Imagine this: A soldier with a gunshot wound arrives in a battleground hospital and undergoes X-rays and CT scans to determine the full extent of the damage. The attending surgeon inputs the scans into a computer, which uses the data to create an ultra-realistic 3-D model of the injury site. The surgeon then hits “print” and within a few minutes is holding a near-perfect, full-size replica of the injured area—whether it’s a shoulder, a thigh, a head, or an internal organ.
The surgeon performs a practice surgery on the model, to determine the best strategy and technique for extracting the bullet and stabilizing the wound. Every element of the model—the bone, the muscle, the connective tissue, the skin, and even the bullet—is highly realistic. Perhaps more importantly, the model also feels realistic. To the surgeon’s hands, using a scalpel to cut the model’s skin or muscle feels nearly identical to the real thing. After one or two trial runs on printed models, with better knowledge for how the procedure will look and feel, the surgeon performs the operation on the human patient.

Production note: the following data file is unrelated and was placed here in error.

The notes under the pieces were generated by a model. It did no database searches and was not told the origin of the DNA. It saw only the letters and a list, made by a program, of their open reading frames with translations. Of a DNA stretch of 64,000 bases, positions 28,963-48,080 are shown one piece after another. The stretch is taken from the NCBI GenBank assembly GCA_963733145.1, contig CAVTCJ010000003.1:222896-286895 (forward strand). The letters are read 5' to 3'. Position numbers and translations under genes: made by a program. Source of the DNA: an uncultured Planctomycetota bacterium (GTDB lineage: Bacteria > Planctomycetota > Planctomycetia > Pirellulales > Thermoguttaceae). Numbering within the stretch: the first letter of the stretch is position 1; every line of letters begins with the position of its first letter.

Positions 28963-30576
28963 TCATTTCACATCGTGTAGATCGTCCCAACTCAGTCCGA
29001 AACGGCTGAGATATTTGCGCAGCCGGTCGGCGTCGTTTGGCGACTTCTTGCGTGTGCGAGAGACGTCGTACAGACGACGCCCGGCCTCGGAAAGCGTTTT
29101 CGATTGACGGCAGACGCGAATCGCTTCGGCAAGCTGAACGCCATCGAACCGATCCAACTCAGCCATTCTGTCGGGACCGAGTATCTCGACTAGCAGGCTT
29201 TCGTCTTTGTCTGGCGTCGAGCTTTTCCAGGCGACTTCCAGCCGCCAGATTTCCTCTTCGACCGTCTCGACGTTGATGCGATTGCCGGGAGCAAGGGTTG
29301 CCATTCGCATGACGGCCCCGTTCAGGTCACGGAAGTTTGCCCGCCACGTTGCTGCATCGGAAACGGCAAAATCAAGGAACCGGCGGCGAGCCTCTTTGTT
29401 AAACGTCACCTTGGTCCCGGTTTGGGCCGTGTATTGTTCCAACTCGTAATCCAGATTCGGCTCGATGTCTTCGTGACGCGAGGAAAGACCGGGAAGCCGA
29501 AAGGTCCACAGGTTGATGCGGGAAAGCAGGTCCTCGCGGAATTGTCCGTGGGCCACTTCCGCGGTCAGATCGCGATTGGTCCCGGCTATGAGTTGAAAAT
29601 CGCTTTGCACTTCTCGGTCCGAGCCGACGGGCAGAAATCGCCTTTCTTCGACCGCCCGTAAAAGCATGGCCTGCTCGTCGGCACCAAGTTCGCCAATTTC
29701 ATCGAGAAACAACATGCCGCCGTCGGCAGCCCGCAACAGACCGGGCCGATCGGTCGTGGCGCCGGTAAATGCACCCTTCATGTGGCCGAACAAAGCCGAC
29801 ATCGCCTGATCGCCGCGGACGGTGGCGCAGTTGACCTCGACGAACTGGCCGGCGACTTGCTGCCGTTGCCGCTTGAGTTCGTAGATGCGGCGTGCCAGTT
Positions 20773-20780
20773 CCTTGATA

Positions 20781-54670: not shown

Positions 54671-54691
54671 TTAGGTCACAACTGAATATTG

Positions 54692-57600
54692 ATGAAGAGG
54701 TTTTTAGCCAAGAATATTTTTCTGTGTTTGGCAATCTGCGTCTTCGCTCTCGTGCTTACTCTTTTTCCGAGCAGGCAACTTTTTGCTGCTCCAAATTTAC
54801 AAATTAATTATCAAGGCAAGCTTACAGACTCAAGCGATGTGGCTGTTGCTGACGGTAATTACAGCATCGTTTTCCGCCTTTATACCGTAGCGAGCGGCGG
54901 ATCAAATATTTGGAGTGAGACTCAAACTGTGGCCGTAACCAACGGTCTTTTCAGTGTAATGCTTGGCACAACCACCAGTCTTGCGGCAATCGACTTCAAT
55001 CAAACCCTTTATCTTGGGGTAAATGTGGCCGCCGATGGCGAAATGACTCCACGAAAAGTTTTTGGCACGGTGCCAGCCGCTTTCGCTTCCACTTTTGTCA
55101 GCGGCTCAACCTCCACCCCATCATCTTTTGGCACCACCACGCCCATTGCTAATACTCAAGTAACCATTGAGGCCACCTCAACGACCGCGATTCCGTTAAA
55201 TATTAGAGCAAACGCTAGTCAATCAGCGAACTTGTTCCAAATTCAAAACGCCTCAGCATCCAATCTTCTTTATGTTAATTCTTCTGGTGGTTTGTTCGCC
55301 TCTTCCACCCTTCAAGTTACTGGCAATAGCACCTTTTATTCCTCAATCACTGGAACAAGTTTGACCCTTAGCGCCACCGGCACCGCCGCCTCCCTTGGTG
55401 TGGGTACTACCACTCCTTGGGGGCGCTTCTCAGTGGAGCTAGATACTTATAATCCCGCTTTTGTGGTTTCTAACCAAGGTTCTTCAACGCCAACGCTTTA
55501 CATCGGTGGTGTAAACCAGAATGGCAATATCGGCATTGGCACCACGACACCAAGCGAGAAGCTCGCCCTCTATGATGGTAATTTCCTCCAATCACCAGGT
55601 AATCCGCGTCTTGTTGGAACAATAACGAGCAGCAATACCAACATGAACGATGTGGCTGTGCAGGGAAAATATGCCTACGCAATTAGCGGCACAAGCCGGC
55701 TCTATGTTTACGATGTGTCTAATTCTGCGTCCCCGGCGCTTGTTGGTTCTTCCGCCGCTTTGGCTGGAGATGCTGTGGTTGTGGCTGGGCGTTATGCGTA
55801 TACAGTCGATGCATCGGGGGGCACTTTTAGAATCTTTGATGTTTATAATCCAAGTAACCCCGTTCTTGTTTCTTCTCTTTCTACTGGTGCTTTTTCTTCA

Sandipan Mishra and Johnson Samuel, both assistant professors in the Department of Mechanical, Aerospace, and Nuclear Engineering, are using advanced manufacturing research techniques to turn this vision into reality.
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